Kentrell Gaulden, alias Youngboy Never Broke Again released his first mixtape in 2015 after releasing singles on Soundcloud in 2011. Since then, his discography consists of 6 studio albums, 3 compilation albums, 26 mixtapes (including 6 collaborative mixtapes), 3 extended plays, and 102 singles (including 23 as a featured artist). He drops music every other week and puts out more music than anyone you can think of. With more than 30 billion total streams and 109 RIAA-certified releases including 3 platinum or double platinum albums, NBA YoungBoy is one of the most listened-to artists in the world.

Youngboy Never Broke Again(YNBA) -Photo Courtesy

He says his grandfather told him to work hard and save his money, which we can all relate to. He has done this under much pressure. His father got life in prison for a home invasion turned first-degree murder charge while he was 8 years old. He began smoking cigarettes at 11. He has been in juvenile since 10. There are many pictures of him as a youngster with an ankle monitor on house arrest. He only knows the streets gang life and drug deals as is mostly reflected in his music. He was mostly caused by himself through his numerous encounters with the law. He was booked for an attempted murder in 2016 after his cousin was shot down in Baton Rouge. Before this, he was booked for robbery as a 15-year-old. In 2019 he was taken in on simple battery family charges. During 2020 he was taken in for drug and weapons charges as he was shooting a music video for ‘Chopper City’. He is currently on house arrest for both although he beat the drugs and is yet to go to federal court for the weapons. He started a Stop the Violence campaign in 2023 and is trying to clean up his image. Despite all this, he has risen to the top working in the studio every day and his robotic work rate has made him a self-made millionaire.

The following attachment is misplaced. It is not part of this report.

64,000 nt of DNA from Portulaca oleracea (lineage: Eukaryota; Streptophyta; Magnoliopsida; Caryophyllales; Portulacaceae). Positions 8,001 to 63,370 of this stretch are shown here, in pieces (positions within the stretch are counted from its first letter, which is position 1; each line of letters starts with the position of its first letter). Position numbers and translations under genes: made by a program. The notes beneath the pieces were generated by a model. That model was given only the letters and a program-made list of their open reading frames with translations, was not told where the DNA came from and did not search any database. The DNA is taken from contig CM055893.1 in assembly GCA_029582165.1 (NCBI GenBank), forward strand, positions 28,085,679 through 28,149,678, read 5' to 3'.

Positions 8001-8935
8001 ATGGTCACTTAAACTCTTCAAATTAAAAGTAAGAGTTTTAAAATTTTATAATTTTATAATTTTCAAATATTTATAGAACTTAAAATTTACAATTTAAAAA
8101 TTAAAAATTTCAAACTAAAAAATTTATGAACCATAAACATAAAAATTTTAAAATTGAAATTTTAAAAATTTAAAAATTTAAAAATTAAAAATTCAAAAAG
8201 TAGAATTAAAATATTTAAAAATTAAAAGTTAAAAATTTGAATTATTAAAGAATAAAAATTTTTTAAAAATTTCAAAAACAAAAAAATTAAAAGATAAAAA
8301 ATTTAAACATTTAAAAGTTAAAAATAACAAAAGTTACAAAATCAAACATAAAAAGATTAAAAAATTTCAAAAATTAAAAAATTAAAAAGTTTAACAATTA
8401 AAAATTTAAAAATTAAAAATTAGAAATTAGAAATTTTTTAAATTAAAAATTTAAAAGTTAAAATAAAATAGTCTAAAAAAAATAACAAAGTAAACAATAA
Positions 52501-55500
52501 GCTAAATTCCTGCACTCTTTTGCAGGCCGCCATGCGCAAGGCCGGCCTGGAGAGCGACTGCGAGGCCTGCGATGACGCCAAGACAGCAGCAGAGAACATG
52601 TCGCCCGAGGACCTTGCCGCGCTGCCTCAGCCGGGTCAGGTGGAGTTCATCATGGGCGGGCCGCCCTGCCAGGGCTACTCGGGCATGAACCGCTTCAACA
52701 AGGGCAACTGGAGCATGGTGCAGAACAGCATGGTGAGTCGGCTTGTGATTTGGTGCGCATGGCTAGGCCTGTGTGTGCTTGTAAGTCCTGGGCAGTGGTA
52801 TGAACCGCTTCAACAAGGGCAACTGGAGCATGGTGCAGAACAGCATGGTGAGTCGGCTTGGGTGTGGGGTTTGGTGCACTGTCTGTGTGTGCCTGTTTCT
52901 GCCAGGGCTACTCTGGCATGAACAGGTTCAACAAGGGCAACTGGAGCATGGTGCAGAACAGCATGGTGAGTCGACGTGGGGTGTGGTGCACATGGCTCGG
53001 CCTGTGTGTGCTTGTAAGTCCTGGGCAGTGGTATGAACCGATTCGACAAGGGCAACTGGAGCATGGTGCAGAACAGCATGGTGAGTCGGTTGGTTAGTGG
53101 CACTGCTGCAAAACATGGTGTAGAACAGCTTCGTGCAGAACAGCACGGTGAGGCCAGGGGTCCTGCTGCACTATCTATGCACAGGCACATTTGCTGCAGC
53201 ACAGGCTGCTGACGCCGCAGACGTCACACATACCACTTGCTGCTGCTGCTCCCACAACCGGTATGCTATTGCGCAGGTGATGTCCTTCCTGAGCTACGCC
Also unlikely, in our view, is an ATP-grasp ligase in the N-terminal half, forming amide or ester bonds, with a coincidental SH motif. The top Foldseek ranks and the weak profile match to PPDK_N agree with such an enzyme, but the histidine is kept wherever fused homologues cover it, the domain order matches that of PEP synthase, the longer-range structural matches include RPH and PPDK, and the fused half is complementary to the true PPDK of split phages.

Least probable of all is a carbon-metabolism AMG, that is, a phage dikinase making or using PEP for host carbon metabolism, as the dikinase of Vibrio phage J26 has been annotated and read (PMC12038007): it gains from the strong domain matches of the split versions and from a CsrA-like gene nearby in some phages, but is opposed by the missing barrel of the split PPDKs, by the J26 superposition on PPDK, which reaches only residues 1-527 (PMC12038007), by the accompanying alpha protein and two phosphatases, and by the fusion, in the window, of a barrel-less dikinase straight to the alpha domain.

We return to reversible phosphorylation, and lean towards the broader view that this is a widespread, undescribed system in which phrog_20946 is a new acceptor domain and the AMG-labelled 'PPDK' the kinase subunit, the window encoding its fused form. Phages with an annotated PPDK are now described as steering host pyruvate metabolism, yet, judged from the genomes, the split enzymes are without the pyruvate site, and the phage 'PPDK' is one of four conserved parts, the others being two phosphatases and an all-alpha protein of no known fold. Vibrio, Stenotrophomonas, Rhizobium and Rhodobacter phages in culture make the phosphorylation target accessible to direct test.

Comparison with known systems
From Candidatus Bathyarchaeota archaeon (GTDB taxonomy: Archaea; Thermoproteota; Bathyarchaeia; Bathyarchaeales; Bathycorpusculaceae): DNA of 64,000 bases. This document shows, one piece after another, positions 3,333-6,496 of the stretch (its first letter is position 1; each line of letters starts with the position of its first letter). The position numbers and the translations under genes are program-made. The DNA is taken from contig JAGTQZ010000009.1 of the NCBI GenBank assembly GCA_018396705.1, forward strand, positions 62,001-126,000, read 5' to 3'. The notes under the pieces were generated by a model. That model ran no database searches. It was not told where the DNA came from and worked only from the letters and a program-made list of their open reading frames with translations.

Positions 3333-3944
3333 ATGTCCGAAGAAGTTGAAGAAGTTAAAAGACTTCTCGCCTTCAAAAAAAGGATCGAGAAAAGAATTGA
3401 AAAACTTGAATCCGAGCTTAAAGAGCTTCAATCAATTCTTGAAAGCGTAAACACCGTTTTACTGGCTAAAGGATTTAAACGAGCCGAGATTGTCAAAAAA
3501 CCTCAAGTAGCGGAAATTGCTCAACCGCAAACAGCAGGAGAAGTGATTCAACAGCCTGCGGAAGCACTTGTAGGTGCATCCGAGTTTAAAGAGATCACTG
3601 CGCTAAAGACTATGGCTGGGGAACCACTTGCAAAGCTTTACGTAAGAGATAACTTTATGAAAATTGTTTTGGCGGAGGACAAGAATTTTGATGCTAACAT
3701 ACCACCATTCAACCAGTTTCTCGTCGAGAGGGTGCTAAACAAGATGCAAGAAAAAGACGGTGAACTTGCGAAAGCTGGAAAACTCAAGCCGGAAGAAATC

In essence, the journey through challenges, the positive messages in music, the importance of confidence, the joy of having fun, and the value of a strong work ethic collectively weave a narrative of resilience, optimism, and success emerging from adversity. We can learn different attributes from these 3 artists and how humans are diverse and can thrive in different environments and situations

Jesse Dele

This article is originally written by Jesse Dele